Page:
Breast oedema and fibrosis are common side effects reported by patients who have undergone radiation to their conserved breast. Massage is used to treat breast oedema and fibrosis, with most symptomatic patients encouraged to perform self-massage at least once per day. Additionally, compression of the breast using bandages, dense foam inserts, and/or support bras are recommended. Despite good intentions to reduce oedema and fibrosis, incorrect use of massage and compression can lead to costo-chondritis and rib pain.
Aim and methods
Case studies and management plans of patients reporting rib pain without metastatic disease during treatment of breast oedema and fibrosis will be reported. All patients underwent lymphoedema assessments as well as palpation examination of their bilateral costo-chondral joints, inferior ribs and rib angles under the radiation fields. Pain and discomfort on palpation, as well as shoulder and thoracic movements were recorded.
Results and discussion
Treatment of breast oedema and fibrosis can be effective when a combination of massage and compression is used. Patients who are overly firm in their self- massage of their breast, and/or use very firm compression pads/bandages, underwire and support bras can aggravate underlying pain and inflammation of ribs and cartilage in the radiation fields, especially in the first 12 months after radiation. Irritability of the rib cage can easily be assessed by palpation.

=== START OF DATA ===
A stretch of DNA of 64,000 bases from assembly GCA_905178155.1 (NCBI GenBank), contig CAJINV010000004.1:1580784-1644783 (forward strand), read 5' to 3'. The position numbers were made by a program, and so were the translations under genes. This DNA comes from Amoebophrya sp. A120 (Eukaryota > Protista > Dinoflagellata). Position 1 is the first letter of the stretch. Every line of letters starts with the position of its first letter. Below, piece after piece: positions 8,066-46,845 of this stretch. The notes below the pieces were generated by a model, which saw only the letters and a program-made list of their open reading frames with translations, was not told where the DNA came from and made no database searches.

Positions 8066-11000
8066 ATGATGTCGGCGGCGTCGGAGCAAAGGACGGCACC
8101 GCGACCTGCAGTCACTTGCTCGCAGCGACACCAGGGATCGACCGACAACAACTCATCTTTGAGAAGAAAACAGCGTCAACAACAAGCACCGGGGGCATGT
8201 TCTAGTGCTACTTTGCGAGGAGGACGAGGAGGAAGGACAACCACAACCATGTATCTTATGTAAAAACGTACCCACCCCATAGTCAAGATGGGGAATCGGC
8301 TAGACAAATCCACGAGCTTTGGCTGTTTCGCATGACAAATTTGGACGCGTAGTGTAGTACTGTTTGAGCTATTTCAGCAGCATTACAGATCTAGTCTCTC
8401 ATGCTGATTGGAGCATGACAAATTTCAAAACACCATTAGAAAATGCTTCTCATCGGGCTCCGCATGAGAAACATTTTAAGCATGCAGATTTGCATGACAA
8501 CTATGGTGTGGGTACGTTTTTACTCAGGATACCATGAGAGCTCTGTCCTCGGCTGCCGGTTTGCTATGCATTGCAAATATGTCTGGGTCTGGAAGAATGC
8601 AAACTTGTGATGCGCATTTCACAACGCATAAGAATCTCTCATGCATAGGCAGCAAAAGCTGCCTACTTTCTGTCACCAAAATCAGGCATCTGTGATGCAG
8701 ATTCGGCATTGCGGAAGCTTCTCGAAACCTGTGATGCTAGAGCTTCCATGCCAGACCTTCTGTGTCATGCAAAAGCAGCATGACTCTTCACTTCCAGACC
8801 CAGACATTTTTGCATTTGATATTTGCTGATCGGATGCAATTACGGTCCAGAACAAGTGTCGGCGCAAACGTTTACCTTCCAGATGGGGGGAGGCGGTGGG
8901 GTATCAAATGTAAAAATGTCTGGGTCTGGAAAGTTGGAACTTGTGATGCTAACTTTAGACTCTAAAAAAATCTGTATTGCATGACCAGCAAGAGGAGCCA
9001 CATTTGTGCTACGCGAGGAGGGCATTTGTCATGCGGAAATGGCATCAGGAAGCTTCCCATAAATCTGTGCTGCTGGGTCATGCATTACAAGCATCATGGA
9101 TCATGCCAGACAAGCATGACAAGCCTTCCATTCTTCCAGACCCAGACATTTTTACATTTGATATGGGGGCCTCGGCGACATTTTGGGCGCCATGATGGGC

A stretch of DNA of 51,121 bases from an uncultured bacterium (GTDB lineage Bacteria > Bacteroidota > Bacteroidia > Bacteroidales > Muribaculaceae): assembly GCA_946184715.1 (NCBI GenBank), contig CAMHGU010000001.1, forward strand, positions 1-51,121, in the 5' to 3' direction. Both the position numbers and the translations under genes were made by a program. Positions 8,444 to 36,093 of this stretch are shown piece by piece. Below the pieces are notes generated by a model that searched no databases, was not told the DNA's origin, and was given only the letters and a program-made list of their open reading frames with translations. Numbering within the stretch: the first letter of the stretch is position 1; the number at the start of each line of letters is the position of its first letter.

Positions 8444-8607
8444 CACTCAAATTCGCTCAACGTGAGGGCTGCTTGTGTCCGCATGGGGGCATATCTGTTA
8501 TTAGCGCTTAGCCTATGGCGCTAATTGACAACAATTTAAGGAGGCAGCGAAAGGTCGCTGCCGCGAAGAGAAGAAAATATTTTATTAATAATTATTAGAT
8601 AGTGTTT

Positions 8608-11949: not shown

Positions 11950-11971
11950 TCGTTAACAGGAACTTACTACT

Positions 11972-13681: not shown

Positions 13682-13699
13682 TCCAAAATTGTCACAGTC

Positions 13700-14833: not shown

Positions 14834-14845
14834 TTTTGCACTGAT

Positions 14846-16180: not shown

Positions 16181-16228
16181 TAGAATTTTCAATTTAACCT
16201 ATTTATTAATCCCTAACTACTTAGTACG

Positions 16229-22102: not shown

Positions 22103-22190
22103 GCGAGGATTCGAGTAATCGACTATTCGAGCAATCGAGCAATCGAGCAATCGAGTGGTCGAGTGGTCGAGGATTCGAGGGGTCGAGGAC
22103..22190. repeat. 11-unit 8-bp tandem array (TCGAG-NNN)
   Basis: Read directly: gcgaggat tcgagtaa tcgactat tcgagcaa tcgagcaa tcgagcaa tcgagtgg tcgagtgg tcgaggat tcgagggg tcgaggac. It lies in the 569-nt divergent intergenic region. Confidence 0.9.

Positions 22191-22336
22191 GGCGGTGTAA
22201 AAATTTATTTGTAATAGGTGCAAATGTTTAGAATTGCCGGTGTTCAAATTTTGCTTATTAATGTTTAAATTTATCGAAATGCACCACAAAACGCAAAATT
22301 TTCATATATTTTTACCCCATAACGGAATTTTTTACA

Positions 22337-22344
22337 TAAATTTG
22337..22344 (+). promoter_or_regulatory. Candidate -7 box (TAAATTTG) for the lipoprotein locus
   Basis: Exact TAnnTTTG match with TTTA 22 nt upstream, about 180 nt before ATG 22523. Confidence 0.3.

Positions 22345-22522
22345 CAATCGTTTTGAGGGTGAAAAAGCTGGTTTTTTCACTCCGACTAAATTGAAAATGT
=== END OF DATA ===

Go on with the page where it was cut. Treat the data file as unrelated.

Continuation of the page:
Rib pain can result from firm compression and pressure used to treat breast oedema and fibrosis. Physiotherapists may need to check patients’ self-massage regularly to ensure that it is of the appropriate pressure and frequency. Wire-free and seam-free bras may reduce friction, pressure and inflammation at the inferior and lateral ribs.